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Pins and Needles - Paraesthesia


February 2013


Pins and NeedlesPins and Needles

Almost everyone experiences pins and needles at some stage in their lives, but often as we age it becomes more commonplace.

The name really is the perfect description of the pricking, tingling and sometimes numbing sensation in various parts of our body - usually in our hands and arms or feet and legs. Sometimes it becomes so bad that the limb feels totally numb as if it has “fallen asleep”.

There is actually a proper medical name for this condition - paraesthesia.

The simplest cause of pins and needles is pressure; when a part of the body is pressed quite hard some or all of the blood supply to the nerves in that region can be cut off. It is usually a very temporary sensation that cures itself once the pressure is removed and the limb or area can return to normal. Crossing ones legs or kneeling down are typical actions that can cause pins and needles.

However, as we get older, pins and needles become more common because certain diseases can irritate the nerves, or interfere with the blood supply and nerves. Either way, this can cause the sensation of pins and needles. Arthritis, for instance, can interfere with both nerves and blood supply and sometimes be a cause of pins and needles. In fact, almost any condition that can damage a nerve can result in tingling or pins and needles.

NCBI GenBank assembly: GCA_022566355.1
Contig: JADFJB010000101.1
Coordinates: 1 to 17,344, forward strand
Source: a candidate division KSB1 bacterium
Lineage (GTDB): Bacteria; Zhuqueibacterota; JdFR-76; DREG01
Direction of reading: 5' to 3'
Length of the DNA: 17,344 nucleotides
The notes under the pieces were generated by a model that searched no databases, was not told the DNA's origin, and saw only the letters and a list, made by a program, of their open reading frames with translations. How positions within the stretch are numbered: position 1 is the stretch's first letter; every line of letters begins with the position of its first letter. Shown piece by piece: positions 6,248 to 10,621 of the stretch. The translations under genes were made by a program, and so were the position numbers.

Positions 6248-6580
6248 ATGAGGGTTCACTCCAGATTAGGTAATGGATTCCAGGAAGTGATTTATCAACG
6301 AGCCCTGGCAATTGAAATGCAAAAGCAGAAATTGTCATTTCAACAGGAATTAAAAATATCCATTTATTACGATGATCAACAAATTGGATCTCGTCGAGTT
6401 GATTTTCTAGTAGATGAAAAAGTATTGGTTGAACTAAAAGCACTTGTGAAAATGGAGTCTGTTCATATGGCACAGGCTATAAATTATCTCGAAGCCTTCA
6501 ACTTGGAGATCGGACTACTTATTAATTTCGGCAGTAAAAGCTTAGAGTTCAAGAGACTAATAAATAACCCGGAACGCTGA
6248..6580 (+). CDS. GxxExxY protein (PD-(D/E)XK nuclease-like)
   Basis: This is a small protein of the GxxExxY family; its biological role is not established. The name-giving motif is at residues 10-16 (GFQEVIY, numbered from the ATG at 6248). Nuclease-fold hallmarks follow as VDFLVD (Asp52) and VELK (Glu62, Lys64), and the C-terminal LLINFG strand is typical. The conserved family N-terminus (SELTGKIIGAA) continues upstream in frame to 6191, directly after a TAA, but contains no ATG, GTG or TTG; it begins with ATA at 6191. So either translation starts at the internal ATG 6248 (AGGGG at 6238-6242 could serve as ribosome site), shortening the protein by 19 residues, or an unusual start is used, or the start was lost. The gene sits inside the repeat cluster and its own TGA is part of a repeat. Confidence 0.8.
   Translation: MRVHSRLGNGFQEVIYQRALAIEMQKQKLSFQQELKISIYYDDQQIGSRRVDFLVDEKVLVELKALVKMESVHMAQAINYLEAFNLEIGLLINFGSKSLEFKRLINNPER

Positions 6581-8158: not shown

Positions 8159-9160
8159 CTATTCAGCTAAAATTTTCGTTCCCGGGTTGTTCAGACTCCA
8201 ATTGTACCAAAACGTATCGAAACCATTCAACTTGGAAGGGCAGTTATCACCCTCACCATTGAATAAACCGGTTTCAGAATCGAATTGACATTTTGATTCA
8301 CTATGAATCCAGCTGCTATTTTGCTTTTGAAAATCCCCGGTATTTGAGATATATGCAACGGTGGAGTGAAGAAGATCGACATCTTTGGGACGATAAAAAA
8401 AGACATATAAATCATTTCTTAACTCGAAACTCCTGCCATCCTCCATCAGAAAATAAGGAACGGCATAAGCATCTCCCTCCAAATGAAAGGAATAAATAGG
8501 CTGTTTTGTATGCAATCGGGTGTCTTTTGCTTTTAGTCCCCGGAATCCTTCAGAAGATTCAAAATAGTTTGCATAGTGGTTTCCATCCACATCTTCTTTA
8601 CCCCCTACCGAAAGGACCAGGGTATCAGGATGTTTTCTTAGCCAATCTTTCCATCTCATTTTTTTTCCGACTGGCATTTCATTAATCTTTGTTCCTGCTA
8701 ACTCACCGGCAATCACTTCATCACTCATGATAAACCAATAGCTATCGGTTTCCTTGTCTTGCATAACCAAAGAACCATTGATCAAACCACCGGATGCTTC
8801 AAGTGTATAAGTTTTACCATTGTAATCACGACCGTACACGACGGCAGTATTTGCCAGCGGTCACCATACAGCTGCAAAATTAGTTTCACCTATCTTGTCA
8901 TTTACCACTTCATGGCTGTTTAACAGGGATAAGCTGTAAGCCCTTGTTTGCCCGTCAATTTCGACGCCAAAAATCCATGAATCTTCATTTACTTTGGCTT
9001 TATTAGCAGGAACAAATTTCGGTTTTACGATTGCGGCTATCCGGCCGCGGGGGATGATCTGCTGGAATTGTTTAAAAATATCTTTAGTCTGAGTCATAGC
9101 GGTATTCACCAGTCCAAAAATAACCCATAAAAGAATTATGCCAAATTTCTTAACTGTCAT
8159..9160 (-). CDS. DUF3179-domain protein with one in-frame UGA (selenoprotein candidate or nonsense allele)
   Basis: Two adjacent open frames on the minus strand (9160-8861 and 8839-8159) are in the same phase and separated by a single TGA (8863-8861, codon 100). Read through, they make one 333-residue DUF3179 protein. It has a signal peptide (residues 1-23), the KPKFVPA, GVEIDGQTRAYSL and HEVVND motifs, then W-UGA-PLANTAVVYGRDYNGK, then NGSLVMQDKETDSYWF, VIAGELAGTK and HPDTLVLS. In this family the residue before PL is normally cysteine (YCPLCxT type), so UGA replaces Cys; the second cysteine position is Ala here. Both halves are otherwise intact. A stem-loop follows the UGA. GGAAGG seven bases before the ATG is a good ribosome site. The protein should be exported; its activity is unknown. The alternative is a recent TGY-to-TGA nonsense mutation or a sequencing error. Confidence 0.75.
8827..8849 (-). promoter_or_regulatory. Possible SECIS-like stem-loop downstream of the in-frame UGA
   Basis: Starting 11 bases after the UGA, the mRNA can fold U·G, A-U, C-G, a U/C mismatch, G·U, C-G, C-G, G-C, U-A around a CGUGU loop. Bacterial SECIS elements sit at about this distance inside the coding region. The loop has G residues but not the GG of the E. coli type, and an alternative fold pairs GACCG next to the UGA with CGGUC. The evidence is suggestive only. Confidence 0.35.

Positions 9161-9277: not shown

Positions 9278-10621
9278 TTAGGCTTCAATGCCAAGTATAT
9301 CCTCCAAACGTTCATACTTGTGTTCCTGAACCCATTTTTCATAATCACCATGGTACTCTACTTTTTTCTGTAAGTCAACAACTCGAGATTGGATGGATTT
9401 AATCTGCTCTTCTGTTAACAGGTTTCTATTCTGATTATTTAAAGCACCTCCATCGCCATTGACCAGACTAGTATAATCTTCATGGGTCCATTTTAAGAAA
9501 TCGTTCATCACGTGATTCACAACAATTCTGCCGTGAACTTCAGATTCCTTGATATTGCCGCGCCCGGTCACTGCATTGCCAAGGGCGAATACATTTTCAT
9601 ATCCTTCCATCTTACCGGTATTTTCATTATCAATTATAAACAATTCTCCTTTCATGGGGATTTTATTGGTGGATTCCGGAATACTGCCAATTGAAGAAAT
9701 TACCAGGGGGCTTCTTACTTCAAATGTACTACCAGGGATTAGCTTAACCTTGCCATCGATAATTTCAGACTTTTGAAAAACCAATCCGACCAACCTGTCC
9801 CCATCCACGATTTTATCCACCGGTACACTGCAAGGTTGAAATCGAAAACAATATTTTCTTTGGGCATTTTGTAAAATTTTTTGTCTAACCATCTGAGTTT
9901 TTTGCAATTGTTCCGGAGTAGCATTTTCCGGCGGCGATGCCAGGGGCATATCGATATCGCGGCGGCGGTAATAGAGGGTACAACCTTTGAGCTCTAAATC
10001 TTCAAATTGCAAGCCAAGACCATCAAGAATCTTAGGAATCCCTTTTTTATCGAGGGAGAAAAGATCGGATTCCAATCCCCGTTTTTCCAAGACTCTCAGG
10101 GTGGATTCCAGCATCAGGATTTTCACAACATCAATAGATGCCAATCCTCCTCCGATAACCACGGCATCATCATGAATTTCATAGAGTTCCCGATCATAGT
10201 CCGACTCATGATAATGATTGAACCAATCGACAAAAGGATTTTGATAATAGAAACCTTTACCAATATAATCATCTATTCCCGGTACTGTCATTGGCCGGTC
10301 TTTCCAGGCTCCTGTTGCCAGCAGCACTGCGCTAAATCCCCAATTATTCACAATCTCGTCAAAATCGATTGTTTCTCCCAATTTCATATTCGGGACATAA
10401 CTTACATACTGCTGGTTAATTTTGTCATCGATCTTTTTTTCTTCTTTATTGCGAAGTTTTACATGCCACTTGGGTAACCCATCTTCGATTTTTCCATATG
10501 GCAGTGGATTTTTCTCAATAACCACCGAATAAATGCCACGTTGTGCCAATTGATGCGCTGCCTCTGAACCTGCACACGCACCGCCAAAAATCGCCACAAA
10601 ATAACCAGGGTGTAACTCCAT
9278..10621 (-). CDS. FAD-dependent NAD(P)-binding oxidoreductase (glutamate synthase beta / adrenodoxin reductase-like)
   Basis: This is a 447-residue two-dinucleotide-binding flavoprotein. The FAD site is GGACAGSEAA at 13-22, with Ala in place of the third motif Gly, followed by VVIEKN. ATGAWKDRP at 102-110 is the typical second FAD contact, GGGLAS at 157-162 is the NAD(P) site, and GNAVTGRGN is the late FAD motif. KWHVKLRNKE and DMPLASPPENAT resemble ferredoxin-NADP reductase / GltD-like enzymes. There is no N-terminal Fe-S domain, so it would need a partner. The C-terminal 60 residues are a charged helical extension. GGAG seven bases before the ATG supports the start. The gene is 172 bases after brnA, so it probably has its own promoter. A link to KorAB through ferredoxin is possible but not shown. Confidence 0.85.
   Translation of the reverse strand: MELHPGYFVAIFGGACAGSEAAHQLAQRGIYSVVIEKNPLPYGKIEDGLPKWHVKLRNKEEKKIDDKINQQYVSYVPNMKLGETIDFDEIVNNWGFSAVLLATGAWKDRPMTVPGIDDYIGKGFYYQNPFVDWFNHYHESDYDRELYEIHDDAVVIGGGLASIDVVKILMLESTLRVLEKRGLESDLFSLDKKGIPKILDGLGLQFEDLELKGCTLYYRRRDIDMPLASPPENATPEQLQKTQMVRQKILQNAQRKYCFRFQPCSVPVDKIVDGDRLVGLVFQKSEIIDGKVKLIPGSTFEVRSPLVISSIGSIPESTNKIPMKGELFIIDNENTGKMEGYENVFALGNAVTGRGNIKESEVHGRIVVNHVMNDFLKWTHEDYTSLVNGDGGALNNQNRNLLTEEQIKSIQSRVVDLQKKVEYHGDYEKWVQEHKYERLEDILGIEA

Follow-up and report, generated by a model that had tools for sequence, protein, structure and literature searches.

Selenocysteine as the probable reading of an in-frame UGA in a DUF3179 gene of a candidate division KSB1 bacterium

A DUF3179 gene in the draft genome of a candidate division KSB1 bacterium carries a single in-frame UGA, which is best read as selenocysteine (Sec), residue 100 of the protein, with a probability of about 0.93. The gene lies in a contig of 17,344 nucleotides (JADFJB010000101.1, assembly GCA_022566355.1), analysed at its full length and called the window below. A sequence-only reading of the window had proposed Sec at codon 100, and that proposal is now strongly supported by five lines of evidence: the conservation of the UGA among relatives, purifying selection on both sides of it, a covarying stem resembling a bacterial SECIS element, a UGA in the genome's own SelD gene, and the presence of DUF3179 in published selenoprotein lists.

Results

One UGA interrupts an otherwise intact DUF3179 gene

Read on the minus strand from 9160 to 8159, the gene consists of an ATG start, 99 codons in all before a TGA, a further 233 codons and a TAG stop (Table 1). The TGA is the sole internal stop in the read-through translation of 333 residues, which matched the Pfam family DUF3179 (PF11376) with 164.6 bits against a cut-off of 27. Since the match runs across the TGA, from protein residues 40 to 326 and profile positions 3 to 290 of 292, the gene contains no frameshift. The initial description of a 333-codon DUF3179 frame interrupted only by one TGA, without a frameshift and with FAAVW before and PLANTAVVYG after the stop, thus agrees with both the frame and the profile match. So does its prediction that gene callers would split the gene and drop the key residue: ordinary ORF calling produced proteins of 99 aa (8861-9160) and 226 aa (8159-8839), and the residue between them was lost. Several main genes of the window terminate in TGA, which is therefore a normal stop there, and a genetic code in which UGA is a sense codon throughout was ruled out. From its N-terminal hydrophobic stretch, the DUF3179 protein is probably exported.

If the pins and needles are not relieved by altering your position and they last for a prolonged time, there are a number of specific problems that can be the cause. It could be due to a trapped or compressed nerve, sciatica or carpal tunnel syndrome. Surprisingly vitamin deficiencies can result in pins and needles in certain cases, as can certain metabolic disorders including diabetes.

Long lasting pins and needles can also occasionally be caused by some types of medications and even alcohol misuse, although this is fairly rare.

If you are suffering from pins and needles, the obvious first action is to move the suffering area around to try and stop the pressure that is causing the problem. Loosen any tight clothing or shoes; get up and shake the affected limb if you have been sitting down a long time or resting on it; gently move your head around if the pins and needles are in the top of the back, shoulders and neck area.

However, if the pins and needles recur in the same area when there is no obvious cause, or if the symptoms take a long time to go away once you have changed position or removed what you think might be the cause, then you need to seek medical help. There could be a serious underlying cause.

Accidents sometimes occur when a leg or arm has severe pins and needles and you try and use it before it is properly recovered. Standing up on legs that have “gone to sleep” can help recovery, but can also be dangerous and result in a fall if you put weight on the limb before it is fully back to normal.

Because most people experience pins and needles at sometime in their life, the condition is not always treated with the seriousness it deserves.



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